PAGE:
KIBATI, Congo, Nov 5 (Reuters) - Clutching a small pack of high-energy biscuits, Clementine Riziki slowly chews her first meal in more than a week.
Nine days ago, she fled her village in Democratic Republic of Congo's eastern North Kivu province when attacking Tutsi rebels burned down her house and stole her belongings. To compound her worries, her family has since doubled in size.
Amid the chaos, debris and noise of a makeshift camp for tens of thousands of civilians displaced by the violence, Riziki gave birth this week to twins, just a few kilometres (miles) down the hill from the rebel front line.
Breastfeeding her tiny twins, Olive and Olivier, Riziki told Reuters: "I fled with nothing and had to walk for six hours to this camp in Kibati".
"This is the first time I've eaten in 9 days," she said.
Her twins, Olive and Olivier, were born amid a humanitarian emergency in a region which the U.N. children's agency UNICEF calls "the worst place in the world to be a child."
Around her, amid volcanic dust and rubble, thousands of families huddle under blankets and umbrellas.
Sleeping out in the open, some even wrap themselves in banana leaves at night to find some protection from the cold.
Riziki's plight is typical of that of an estimated 200,000 hungry, frightened civilians who are crammed into camps outside and around the North Kivu provincial capital Goma, after fleeing a Tutsi rebel offensive last week and militia and army killings.
They may be the lucky ones. Tens of thousands more are feared to be roaming North Kivu's bush-covered hills, desperately seeking safe shelter, food and water.
The United Nations and foreign aid groups are scrambling to cope with an emergency described as "catastrophic" by relief workers in a country where more than 5 million people have died in a decade from conflict, hunger and disease.
Like others displaced by the fighting, Riziki faced a difficult choice: to wait in Kibati for the aid agencies to deliver long-overdue food, or risk crossing the front line in the hope of salvaging something from the remains of her home.
Two weeks ago, Riziki was selling salt and vegetables in the local market of her home village.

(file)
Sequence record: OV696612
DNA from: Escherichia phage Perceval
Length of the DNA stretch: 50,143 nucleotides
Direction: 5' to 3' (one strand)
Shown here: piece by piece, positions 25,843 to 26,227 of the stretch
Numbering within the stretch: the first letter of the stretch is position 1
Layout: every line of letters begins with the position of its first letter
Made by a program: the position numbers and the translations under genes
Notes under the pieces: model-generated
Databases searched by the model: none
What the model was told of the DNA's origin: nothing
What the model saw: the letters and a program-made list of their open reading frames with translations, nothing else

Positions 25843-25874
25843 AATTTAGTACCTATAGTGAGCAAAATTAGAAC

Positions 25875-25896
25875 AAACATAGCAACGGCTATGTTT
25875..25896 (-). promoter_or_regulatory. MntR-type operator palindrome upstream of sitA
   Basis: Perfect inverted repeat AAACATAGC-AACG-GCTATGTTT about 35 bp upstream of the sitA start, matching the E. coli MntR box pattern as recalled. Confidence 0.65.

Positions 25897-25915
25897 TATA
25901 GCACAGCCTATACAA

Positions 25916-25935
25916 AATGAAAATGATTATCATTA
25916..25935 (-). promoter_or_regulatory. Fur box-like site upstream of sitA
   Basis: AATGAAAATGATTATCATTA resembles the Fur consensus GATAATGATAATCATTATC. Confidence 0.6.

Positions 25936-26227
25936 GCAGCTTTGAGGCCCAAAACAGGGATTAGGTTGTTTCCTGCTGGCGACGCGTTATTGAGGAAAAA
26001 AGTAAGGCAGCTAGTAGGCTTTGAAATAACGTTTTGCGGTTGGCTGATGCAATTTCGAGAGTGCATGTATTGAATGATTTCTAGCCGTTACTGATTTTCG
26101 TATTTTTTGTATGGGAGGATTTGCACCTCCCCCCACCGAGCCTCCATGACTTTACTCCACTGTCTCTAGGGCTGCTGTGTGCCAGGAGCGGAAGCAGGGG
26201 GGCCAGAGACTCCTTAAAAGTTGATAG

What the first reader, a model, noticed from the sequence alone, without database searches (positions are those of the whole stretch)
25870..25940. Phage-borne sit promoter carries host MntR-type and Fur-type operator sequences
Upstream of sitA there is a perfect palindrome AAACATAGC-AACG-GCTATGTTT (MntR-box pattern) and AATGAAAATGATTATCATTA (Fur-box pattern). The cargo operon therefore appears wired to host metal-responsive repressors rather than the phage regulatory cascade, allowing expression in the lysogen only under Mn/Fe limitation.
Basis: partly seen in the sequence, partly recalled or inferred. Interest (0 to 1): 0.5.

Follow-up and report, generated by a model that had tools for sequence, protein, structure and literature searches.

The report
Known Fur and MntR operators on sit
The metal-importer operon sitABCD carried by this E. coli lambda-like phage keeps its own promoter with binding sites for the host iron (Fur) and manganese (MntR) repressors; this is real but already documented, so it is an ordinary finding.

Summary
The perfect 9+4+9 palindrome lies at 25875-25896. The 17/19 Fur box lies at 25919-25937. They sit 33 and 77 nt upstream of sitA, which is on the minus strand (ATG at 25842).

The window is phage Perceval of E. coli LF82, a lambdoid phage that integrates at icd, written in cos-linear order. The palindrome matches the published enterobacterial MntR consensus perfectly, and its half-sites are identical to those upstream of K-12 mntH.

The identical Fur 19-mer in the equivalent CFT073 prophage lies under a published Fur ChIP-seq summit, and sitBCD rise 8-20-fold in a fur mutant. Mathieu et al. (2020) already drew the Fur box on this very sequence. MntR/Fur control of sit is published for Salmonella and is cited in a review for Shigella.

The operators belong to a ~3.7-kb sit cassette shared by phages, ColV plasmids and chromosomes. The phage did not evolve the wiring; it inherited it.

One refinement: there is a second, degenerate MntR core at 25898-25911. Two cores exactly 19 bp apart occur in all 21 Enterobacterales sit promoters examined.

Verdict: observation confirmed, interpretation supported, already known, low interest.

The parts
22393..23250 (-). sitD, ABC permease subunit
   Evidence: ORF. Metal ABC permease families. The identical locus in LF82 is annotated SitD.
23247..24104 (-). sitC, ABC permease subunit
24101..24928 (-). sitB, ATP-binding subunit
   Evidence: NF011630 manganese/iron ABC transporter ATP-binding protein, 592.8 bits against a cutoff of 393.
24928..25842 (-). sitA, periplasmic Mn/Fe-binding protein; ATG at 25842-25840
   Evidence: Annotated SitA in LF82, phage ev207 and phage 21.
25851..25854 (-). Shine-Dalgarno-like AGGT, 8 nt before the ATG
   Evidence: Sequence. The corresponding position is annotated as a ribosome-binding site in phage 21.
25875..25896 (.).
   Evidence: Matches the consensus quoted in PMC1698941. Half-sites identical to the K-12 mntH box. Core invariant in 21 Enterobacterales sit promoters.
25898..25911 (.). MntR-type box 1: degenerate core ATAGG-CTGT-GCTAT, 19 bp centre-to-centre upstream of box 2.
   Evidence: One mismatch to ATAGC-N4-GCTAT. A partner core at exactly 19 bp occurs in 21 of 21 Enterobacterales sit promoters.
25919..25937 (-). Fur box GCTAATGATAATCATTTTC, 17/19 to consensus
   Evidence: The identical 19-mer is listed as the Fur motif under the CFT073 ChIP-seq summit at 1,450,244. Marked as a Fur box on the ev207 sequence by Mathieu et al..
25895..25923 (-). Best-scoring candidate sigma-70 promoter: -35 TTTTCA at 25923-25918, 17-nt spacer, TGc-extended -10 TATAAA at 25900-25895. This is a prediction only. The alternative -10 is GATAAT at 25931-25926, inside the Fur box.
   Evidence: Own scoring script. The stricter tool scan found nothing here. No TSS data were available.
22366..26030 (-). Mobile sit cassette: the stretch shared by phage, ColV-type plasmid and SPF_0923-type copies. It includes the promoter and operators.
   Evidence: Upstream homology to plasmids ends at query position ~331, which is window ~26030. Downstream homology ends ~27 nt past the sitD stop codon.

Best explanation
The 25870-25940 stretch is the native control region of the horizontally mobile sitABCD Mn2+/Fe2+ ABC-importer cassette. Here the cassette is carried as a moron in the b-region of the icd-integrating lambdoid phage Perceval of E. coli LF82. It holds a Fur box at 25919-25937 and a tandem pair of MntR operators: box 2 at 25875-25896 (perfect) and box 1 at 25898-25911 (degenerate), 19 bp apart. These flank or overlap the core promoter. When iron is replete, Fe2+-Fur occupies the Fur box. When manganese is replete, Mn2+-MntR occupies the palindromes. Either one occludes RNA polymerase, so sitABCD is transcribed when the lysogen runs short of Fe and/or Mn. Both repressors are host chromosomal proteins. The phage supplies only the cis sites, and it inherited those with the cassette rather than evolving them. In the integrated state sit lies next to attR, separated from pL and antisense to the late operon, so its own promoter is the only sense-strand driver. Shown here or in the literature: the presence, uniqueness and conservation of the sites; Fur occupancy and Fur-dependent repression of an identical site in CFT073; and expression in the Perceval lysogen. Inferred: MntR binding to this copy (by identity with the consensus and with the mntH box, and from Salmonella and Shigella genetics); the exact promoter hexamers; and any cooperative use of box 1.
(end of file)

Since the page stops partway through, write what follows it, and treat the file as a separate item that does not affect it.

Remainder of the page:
Now she roams the Kibati camp all day, chasing rumours of food distributions which so far have been limited to emergency rations for children.
After last week's heavy fighting, which forced many aid workers briefly to evacuate Goma, U.N. relief agencies and humanitarian NGOs are rushing to distribute supplies and provide medical care for the displaced.
But fresh fighting on Tuesday and Wednesday, which the U.N. said involved Tutsi rebels and pro-government Mai-Mai militia, disrupted aid operations around Rutshuru, north of Goma.
Another resident of the Kibati camp, Sebeya Hakizimana, said many were still going hungry there despite the aid efforts.
"Every day, people are dying here, mostly the old and the very young," he said, hefting a bundle of firewood.
"We live a difficult life here, there is no food, there is no water, there is famine," he added.
North Kivu's long-suffering civilians have been clamouring for more protection, not just from the Tutsi rebels loyal to renegade General Laurent Nkunda, but also from marauding army soldiers and Mai-Mai militia who have killed, looted and raped.
Hakizimana said he would welcome more foreign troops, perhaps from Europe, to protect civilians and reinforce the 17,000-strong U.N. peacekeeping force already in Congo.
"Even if we could return home there is nothing there, everything is burned," he said.
"It will be difficult to start again."
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(Editing by Pascal Fletcher and Tim Pearce)
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